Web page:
Twenty years ago, a person who professed a belief that his letters were having an impact on the color of Cliff Huxtable’s sweaters would have been a prime candidate for institutionalization, a delusion of reference par excellence. Today we take such ideation in stride: “Everyone knows producer X reads the Show Z message boards, he even logs in sometimes under an alias!” Therefore, the Show Z community has an impact on the program. As delusions go, this one is particularly sad, like the psychotic alone at a window in the day room who thinks he controls the weather. From Freud onward, theorists have attempted to account for how the psychotic translate internal affect into fantasies of external control, how libidinal energies become literalized as a type of ray that can influence a love object from afar. The entire point of the trolling media God fantasy—even if one knows, deep down, it’s really only an intern assigned to update all the ancillary content—is to flatter and thus further entangle viewers in fantasies of their own creative agency. Not only do the media speak to me, they want to hear from me! That show matters to me, so I must matter to it!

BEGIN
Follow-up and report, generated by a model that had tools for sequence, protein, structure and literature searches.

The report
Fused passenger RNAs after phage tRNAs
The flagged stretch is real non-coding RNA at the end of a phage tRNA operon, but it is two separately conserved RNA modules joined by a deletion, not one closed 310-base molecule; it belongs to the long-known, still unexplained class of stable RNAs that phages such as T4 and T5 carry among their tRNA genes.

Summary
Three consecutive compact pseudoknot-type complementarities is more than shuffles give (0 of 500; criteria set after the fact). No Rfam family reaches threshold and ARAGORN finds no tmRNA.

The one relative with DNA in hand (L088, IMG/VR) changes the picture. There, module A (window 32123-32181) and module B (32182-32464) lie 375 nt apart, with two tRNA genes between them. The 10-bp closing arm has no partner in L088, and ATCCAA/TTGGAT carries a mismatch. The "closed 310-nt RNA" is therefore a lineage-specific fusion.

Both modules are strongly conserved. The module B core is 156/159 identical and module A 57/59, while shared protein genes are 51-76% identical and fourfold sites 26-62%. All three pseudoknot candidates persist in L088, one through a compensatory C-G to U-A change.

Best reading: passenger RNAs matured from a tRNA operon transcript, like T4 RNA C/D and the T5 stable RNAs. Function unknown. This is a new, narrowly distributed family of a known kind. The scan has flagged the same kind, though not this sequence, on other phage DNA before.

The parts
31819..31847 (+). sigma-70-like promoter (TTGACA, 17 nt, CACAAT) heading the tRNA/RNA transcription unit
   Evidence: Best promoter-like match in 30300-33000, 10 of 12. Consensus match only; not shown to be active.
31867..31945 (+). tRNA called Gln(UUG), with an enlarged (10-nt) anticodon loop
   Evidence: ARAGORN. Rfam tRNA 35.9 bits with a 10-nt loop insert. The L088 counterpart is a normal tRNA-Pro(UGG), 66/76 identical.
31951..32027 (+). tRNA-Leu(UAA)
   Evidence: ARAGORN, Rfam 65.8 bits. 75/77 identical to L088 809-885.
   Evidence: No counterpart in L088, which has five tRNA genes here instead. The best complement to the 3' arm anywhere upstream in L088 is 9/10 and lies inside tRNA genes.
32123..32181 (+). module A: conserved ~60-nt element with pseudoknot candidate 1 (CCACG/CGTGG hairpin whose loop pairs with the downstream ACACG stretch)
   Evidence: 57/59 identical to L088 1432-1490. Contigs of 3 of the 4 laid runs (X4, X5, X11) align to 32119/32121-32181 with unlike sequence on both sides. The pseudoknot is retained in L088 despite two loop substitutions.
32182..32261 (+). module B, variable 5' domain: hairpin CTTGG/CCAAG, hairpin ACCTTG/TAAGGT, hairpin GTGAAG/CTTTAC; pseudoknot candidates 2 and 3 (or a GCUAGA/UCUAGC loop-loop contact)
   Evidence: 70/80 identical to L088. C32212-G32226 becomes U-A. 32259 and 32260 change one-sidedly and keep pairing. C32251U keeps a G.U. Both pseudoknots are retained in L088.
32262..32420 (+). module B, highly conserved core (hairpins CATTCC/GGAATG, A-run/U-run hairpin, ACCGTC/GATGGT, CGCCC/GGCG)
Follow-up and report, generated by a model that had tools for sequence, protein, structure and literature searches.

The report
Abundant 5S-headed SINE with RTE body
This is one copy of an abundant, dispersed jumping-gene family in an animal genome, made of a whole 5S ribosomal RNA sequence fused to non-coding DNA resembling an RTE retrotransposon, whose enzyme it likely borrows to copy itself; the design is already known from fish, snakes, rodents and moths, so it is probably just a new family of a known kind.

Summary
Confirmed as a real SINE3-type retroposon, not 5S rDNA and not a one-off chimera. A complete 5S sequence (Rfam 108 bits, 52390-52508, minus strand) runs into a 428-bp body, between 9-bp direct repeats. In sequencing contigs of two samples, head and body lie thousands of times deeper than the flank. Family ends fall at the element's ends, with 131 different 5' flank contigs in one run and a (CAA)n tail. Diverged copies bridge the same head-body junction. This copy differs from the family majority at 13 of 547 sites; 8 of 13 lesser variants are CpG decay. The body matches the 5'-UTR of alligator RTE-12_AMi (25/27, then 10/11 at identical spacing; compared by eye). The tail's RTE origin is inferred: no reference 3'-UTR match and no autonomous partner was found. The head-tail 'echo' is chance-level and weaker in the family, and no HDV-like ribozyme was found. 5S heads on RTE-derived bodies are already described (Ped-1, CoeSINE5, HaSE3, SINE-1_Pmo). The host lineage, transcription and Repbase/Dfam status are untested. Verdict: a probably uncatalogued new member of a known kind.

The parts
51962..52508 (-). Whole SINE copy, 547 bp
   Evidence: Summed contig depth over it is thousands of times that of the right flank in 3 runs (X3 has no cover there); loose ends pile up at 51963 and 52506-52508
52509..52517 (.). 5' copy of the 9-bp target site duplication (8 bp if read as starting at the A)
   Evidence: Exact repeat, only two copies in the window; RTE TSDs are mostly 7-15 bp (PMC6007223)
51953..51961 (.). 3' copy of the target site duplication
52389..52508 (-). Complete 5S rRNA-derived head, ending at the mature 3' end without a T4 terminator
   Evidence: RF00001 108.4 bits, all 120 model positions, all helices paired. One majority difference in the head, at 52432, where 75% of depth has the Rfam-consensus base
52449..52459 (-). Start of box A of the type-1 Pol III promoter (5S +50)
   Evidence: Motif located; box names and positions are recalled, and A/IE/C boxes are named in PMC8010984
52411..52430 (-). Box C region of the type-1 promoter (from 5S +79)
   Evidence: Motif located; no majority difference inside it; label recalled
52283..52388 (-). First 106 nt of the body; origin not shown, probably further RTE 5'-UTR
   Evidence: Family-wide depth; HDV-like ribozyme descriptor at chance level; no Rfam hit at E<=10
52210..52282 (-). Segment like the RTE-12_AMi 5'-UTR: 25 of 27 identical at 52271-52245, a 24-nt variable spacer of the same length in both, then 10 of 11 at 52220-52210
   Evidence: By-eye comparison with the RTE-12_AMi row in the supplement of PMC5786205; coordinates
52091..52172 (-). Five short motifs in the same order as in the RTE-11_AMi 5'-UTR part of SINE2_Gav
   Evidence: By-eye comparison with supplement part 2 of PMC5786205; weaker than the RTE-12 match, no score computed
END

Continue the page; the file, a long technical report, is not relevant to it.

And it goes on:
Friday, January 23, 2009
Join The Conversation On Your Favorite Show?
Jeffrey Sconce on the increasing "audience interaction" pitch the networks are making: